White Horse Beach, Manomet, Plymouth, Massachusetts, USA

White Horse Beach, Manomet, Plymouth, Massachusetts, USA
White Horse Beach, Manomet, Plymouth, Massachusetts, USA

Monday, January 28, 2013

Tulum Archaeological Site, Tulum, Quintana Roo, Yucatan Peninsula, Mexico

The Tulum archaeological site is the remnant of a walled city  inhabited and built by the Mayans and in peak use about the 13th to 15th centuries. The site is atop 40-foot cliffs on the east coast of the Yucatán Peninsula in Mexico about 120 kilometers south of Cancun. The hallmark structure at left in the photo above is "El Castillo" (the castle). As one of the best-preserved coastal Mayan sites, it is very popular for visiting tourists.  Many  folks like to bring their swim suits and take a refreshing dip in the sea below the site. The day of our visit coincided with a full moon.  Unfortunately, the site closes at 5:00pm and the moon didn't rise until 5:30pm.  Try as we might, we were not able to convince the guards to let us stay until moonrise.  We did, however, dawdle enough to be the very last visitors to leave the park for the day. So late that we missed the last tram and had to walk the half mile back to the parking lot.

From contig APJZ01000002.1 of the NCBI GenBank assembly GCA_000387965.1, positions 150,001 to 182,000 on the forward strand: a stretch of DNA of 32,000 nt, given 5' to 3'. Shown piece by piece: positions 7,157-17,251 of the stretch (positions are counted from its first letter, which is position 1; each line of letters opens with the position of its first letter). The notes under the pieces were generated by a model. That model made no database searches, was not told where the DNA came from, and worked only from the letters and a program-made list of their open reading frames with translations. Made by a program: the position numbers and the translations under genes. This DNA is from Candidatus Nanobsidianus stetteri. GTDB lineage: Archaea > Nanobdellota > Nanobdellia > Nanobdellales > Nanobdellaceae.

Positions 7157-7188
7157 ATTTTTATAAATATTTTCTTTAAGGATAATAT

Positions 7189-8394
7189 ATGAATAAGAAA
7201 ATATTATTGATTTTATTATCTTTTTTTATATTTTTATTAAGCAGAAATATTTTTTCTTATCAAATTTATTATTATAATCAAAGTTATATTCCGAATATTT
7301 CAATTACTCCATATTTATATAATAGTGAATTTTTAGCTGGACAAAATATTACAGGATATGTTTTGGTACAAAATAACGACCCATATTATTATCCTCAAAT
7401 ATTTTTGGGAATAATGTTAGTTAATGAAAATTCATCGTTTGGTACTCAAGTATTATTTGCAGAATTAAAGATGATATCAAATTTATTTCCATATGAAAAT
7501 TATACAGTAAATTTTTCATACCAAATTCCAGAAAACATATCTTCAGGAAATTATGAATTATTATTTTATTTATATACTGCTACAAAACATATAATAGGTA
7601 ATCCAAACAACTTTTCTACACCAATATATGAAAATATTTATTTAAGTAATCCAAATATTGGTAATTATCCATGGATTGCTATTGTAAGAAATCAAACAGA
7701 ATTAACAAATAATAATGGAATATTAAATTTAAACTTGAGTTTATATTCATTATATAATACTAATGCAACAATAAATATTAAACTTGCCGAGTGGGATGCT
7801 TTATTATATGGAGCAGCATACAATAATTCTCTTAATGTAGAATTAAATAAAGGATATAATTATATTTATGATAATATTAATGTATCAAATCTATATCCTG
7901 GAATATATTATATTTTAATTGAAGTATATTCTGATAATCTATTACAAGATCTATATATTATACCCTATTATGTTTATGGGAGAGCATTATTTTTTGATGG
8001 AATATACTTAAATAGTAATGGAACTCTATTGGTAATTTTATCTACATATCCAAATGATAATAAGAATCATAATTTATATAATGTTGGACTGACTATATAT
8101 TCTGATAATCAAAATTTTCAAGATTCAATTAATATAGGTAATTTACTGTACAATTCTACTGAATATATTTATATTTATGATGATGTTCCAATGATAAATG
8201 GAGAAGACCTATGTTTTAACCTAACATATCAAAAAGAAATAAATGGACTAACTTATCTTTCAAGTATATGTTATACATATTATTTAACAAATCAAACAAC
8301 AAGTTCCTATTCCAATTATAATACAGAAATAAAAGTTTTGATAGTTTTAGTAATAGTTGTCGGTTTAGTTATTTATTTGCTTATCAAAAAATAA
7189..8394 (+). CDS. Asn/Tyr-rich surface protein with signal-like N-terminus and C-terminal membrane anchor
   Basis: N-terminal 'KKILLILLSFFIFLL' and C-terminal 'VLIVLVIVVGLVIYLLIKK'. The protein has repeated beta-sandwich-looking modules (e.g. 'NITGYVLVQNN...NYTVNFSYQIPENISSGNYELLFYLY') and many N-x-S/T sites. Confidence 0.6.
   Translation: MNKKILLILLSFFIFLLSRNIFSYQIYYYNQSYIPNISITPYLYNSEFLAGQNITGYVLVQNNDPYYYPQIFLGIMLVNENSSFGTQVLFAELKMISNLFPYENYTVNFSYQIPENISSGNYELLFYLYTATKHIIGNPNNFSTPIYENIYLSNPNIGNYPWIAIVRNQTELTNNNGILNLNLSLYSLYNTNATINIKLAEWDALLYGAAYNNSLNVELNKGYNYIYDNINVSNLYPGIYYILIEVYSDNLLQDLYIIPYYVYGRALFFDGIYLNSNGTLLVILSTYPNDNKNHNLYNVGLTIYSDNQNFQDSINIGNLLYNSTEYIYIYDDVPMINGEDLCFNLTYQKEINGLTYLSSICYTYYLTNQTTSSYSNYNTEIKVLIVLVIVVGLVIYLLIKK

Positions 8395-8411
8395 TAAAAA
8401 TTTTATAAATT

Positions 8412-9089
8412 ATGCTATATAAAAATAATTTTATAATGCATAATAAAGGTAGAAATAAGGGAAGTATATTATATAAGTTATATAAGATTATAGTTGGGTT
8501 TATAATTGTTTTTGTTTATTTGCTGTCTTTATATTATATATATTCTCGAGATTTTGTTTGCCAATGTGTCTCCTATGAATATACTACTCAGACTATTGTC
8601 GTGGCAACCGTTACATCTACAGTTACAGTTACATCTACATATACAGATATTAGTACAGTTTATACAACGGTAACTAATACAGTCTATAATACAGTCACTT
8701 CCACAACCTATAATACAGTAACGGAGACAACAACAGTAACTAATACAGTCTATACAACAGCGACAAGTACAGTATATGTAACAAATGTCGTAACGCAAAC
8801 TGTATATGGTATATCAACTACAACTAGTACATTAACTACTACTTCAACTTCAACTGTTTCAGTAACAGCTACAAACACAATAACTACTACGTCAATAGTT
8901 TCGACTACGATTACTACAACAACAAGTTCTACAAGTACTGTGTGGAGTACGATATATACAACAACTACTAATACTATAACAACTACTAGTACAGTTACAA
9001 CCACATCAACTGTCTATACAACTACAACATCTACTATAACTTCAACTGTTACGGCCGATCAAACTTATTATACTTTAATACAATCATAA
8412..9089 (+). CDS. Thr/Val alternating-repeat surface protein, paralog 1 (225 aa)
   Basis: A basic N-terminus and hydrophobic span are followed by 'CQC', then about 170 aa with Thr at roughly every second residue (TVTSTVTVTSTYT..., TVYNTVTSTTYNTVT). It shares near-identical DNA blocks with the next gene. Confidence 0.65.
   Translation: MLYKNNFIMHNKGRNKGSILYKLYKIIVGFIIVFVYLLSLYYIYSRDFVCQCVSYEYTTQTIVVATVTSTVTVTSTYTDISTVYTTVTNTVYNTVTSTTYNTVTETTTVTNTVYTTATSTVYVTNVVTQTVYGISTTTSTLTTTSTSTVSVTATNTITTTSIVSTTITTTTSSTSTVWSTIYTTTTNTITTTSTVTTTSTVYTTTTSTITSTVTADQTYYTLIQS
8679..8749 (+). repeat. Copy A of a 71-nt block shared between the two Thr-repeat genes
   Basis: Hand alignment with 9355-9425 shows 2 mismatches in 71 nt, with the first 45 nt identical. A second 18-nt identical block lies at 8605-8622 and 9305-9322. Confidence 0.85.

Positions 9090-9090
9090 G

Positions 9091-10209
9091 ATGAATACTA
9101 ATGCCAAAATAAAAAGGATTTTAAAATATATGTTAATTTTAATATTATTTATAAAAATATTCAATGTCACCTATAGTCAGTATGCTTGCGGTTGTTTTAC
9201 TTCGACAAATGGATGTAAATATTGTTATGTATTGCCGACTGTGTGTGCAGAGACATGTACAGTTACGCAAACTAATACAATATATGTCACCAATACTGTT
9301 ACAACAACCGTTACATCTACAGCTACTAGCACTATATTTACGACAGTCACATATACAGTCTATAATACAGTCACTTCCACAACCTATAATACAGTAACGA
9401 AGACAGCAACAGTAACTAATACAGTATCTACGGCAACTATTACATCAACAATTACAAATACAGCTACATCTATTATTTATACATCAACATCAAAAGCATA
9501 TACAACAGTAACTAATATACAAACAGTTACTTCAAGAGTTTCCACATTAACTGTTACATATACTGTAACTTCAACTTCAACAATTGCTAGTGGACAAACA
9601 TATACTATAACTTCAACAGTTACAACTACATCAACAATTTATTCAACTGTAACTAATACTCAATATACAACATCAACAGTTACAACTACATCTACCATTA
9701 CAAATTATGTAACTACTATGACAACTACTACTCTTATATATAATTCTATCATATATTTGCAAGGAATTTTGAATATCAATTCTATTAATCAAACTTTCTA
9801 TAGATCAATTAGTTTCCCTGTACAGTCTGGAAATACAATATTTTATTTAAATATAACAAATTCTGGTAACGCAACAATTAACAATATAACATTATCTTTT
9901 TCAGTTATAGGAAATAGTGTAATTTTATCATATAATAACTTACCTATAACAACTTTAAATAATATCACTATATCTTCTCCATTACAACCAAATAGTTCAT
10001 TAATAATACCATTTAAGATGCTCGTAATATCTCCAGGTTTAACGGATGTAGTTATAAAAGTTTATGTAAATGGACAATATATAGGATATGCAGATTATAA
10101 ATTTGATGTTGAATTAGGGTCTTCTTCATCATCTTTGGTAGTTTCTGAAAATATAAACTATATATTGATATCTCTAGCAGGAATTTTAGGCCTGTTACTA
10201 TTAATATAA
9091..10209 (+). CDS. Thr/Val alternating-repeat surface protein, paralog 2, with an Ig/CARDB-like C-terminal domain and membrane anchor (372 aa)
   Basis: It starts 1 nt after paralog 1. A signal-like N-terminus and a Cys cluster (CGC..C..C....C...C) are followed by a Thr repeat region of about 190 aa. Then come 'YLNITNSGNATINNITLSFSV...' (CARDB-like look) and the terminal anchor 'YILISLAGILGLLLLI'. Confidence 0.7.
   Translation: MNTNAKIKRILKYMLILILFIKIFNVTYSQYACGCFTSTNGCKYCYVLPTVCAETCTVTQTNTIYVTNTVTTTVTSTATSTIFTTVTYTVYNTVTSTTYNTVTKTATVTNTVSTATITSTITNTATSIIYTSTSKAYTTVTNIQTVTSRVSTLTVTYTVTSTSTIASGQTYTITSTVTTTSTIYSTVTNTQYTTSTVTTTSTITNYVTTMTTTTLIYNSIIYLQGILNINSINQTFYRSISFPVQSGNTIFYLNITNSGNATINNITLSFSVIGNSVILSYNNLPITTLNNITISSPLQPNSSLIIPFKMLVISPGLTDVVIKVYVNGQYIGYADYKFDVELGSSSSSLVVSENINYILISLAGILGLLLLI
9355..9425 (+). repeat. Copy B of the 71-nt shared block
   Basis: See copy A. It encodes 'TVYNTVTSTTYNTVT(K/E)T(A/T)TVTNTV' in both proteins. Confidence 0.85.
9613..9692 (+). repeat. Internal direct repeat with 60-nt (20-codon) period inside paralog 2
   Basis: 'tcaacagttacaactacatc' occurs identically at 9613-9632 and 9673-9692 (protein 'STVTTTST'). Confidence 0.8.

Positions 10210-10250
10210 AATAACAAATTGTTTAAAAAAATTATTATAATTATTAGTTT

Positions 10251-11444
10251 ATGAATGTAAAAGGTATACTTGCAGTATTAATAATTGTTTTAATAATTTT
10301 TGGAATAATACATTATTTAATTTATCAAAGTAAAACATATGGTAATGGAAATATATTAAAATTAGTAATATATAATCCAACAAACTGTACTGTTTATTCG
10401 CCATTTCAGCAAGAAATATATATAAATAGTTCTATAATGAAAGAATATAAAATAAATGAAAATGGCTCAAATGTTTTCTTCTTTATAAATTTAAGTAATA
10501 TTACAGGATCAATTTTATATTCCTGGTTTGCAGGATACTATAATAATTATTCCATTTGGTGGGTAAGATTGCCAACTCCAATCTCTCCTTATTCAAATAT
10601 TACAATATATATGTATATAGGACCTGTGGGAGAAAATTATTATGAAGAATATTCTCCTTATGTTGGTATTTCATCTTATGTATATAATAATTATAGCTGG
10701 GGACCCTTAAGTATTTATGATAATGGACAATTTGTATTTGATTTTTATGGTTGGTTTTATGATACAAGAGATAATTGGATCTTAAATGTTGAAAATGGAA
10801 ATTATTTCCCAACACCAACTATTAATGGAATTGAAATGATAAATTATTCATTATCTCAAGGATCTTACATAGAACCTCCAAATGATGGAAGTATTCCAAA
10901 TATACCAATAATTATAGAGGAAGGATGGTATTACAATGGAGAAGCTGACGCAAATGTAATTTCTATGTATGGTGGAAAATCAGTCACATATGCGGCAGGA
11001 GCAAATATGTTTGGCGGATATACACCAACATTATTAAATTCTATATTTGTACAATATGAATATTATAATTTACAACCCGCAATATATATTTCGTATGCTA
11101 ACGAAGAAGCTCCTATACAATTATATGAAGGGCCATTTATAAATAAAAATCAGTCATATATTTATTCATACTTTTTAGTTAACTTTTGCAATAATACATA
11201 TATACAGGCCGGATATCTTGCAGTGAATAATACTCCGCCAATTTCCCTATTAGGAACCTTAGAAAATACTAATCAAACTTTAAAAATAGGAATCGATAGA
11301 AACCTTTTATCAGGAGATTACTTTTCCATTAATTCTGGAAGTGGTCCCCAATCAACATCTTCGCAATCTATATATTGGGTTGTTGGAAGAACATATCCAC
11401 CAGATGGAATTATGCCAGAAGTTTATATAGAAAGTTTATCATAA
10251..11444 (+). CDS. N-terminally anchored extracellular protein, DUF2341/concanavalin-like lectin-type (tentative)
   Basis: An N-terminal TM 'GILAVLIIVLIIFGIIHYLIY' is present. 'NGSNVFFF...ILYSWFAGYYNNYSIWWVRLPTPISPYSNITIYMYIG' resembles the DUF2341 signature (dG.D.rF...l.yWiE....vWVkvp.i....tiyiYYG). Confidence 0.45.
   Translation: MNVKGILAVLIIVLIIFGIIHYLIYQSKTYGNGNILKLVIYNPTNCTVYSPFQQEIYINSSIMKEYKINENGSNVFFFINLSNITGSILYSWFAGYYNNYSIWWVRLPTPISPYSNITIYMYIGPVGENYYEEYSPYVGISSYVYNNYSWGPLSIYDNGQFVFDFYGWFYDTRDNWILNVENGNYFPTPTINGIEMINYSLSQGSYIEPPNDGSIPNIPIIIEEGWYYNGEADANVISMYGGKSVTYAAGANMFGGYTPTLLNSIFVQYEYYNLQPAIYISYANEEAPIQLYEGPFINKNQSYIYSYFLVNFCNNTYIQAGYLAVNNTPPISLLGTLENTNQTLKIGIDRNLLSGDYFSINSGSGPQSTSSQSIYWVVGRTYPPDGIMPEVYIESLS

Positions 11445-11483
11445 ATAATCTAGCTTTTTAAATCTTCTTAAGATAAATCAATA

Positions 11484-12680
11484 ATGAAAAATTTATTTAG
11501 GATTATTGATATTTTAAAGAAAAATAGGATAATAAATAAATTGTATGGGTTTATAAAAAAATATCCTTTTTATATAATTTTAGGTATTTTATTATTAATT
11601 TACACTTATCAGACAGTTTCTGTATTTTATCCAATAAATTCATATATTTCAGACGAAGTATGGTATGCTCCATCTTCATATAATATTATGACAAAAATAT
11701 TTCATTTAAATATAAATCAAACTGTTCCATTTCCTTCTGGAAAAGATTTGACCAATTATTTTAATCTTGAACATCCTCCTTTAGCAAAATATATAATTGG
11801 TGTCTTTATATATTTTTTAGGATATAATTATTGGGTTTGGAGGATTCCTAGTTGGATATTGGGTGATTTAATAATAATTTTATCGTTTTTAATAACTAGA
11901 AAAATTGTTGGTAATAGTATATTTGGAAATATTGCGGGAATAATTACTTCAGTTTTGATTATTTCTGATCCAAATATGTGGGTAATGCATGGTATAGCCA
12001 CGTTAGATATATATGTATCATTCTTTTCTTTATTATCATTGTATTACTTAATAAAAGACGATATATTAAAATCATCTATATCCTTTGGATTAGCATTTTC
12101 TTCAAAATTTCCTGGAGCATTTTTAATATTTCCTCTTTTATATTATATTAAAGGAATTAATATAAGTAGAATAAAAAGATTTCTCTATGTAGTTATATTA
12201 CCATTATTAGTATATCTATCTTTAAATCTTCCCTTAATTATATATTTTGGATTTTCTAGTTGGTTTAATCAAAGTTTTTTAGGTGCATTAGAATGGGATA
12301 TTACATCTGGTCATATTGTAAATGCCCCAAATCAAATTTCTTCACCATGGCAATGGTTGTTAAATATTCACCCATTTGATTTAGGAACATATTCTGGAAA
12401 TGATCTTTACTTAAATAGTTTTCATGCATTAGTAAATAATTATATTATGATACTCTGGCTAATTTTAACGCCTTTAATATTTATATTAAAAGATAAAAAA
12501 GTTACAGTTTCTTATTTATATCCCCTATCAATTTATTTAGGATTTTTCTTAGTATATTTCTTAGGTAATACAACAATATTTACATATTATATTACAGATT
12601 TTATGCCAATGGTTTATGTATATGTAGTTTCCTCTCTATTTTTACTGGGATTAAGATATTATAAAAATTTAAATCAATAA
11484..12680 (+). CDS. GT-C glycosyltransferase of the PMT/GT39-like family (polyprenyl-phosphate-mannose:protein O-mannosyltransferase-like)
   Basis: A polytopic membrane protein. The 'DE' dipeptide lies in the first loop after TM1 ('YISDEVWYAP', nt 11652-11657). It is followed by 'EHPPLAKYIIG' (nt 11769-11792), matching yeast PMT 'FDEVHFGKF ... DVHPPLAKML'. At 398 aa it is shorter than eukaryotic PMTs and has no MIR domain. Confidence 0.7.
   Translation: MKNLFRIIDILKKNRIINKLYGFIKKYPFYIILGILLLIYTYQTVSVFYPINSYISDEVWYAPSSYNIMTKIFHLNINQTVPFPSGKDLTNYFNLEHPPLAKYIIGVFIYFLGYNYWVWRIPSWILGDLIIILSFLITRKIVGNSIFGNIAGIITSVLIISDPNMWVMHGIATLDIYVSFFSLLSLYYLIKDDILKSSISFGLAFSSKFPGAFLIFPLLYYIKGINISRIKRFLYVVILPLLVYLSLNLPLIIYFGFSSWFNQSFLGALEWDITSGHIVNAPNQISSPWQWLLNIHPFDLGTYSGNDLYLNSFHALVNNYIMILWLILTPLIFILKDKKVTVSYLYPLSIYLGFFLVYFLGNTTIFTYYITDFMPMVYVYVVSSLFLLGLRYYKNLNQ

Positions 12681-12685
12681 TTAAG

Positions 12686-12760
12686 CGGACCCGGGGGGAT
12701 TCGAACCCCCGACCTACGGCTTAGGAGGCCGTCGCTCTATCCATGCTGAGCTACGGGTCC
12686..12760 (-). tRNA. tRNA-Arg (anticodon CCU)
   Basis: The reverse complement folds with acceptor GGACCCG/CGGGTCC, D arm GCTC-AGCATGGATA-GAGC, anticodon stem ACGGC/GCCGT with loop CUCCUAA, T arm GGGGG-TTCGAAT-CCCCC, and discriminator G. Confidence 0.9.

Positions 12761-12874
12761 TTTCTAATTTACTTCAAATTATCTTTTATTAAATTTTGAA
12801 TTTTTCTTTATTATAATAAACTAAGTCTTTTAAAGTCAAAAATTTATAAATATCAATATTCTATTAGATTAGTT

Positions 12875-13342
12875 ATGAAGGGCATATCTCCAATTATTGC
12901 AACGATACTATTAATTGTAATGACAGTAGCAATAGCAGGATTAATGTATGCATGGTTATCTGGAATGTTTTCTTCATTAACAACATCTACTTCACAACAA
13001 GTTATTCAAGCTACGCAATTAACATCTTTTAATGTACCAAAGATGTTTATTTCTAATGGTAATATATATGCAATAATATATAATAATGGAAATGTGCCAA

The view of  "El Castillo" from on land looking toward the sea is as dramatic as the seaside view. The day's final straggling visitors, Amy, Christy, and me, dawdle our way toward the exit as the light turns golden and the shadows grow long with the approaching sunset.

Earlier in the afternoon, this was perhaps the most common sight - people holding up up their cellphones or point-and-shoot cameras to capture a moment.  Didn't see many folks lugging around big, heavy DSLR cameras.

This smaller structure, the "Templo del Dios del Viento," (Temple of the Wind God), is also located close to the cliff edge.

"Estructura 25" contains multiple columns still standing.

The "Templo del Dios Descendente" (Temple of the Descending God), has some interesting off-kilter lines.  Since the mortar and structure is all intact and looks solid, I'm wondering if it was built that way?  Maybe a junior architect-in- training, or the king's son or nephew needed something to do?

"El Castillo."

"Templo de las Pinturas." (Temple of the Frescoes).

Panorama of the cliff top, "El Castillo" is visible at left. (Click on the image to view in full width).

Panorama of much of the site, "El Castillo" is visible at center right. (Click on the image to view in full width).

It was an exceptional late afternoon to visit - perfect temperature, breeze, and golden light - if only we could have stayed to capture the full moon rising against the sea and "El Castillo."  Maybe next time, Amy could arrange a Plymouth Digital Photographers Club Meetup and get special permission, hmmmmmm?...............


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